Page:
Mr. Shumate’s five-minute revision of the cover works pretty well simply by default; anything with that black-and-green Matrix-style color scheme and a bit of old-style “put on your 3D glasses” color-separated font is bound to look cyber-punkish enough to get most of your target audience’s attention. As the other critics say, that might actually be a little too on-the-nose for cyber-punk however, so you might also want to try some variant color schemes from Blade Runner or even Max Headroom and see if they work better. (Wasn’t Max Headroom in particular kind of a “post-cyber-punk” story too?) In my opinion, though, just about any kind of cyber-punk color scheme should do the trick.

    (This works in the same “mad-libs” way that you can instantly come up with a horror movie and accompanying poster just by taking any single relevant noun and putting it in some bloody dripping horror font. Case in point: can a movie titled Parents be a horror movie? Yes. Yes, it can.)

    Beyond that, all that remains to fix is that crude skull drawing. Sure, a “post-cyber-punk” novel might require that civilization has collapsed; but if “untamed technology” and “rogue AIs” are a part of this story, people are presumably still using computers and not drawing everything by hand, right? Therefore, unless computer pirates are hand-sewing flags for their cause for some reason (the way the ISIS terrorists currently do), one would expect that any skull drawing would be just as computer-generated as the stylistically sucky pixelation of it.

    Did you know that the capital “N” of the “Wingdings” font that comes standard with a lot of computers these days is a very scalable skull-and-crossbones symbol? It couldn’t be too difficult to run that through your pixelation filter and adapt it to some cyber-punk color scheme we’ve suggested here. Moreover, since the skull-and-crossbones has been rolling with the times for centuries in representing both piracy specifically and criminality in general, you shouldn’t need anything else once you’ve got that on your cover.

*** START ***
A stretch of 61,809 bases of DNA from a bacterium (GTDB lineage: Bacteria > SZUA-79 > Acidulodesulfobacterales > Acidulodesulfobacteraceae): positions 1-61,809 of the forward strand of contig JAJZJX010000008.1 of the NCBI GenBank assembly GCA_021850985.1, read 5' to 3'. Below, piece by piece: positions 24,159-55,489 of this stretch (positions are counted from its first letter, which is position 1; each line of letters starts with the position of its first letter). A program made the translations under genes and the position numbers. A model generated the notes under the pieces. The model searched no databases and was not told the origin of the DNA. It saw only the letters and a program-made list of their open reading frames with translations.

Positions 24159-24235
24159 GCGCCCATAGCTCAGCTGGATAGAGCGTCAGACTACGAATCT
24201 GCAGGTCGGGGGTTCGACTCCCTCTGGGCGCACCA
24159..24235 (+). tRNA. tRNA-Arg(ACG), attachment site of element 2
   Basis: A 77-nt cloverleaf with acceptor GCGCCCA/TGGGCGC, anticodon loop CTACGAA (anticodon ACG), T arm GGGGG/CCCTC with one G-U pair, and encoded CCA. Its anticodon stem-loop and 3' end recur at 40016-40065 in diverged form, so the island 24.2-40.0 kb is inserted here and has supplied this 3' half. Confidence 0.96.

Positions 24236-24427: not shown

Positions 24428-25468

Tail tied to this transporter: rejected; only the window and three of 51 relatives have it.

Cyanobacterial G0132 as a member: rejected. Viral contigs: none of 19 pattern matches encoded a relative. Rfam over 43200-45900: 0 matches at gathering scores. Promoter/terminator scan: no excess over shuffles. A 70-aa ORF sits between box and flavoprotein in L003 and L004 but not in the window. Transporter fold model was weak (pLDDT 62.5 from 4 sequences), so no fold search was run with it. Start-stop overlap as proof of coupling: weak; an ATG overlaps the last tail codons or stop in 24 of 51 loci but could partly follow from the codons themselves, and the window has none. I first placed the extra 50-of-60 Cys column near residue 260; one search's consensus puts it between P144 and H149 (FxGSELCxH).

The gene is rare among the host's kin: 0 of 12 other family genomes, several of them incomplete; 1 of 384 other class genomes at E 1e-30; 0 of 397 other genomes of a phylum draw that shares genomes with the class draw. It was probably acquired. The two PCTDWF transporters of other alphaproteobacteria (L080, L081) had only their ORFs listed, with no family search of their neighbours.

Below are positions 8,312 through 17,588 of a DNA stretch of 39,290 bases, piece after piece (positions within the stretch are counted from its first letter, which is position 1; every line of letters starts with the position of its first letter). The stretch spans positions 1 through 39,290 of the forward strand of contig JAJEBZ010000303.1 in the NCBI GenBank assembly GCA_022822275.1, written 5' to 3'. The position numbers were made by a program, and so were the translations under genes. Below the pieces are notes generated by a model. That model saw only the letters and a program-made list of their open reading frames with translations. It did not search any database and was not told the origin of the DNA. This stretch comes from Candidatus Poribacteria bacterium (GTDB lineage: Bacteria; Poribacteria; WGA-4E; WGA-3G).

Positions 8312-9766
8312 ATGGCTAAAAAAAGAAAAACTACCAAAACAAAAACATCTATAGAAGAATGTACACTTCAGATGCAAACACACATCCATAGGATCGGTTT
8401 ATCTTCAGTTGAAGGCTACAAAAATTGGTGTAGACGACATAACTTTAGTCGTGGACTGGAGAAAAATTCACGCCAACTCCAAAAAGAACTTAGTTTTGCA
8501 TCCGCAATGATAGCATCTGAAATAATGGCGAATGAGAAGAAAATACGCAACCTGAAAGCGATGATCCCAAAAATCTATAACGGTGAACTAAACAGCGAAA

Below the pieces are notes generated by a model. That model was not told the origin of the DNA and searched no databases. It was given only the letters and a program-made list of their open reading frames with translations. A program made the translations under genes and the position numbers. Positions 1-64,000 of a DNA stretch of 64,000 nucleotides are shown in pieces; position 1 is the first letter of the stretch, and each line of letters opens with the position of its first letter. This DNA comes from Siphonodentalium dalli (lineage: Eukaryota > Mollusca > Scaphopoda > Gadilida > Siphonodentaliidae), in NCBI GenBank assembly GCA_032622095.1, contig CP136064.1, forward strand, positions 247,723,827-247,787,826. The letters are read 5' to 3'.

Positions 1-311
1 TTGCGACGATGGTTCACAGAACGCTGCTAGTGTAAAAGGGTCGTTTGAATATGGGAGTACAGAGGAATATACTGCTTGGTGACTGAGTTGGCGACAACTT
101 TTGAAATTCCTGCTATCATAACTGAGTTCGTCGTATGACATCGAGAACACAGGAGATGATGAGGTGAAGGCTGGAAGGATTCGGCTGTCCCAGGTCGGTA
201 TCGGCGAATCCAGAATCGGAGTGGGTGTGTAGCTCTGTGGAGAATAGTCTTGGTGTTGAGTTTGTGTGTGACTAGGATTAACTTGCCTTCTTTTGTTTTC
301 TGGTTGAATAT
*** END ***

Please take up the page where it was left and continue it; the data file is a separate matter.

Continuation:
7. I think this is one more case of the author knowing more about the book than the potential reader, with the result that the imagery is meaningful only to the author. Even with Nathan’s proposed changes, there is really nothing that suggests “a science fiction novel set in a post-cyberpunk world” (whatever “post-cyberpunk” might be). For instance, one of the last graphics I would associate with “corporate banksters, slumlords, [and] rogue AI’s” is a skull, of all things. Frankly, combined with the title and subtitle, the book could just as easily be one set in today’s corporate world.

    I think you need to make it unambiguously clear at first glance what the theme of this book is. And rethinking the cover imagery is going to be the first step in doing this.

  8. Thanks all. Appreciate your comments.

    My take home notes.

    – white background rethink
    – consider the thumbnail, something I’ve neglected to do yet these things are crucial
    – ditch tagline
    – reduce the ‘A’ with title occupying more space
    – cyberpunk color scheme (i was trying to be different but those neons have become synonymous with cyberpunk. Post-cyberpunk i guess is still cyberpunk for most people.
    – skull motif was meant to signify criminality/piracy/hacker set against the blue-red-white corporatism but this is meaningless if its not doing it’s job.
    Looks like Nathan has sold me on the ‘distinctly different cover on a new edition.” BTW cool redo. Point taken.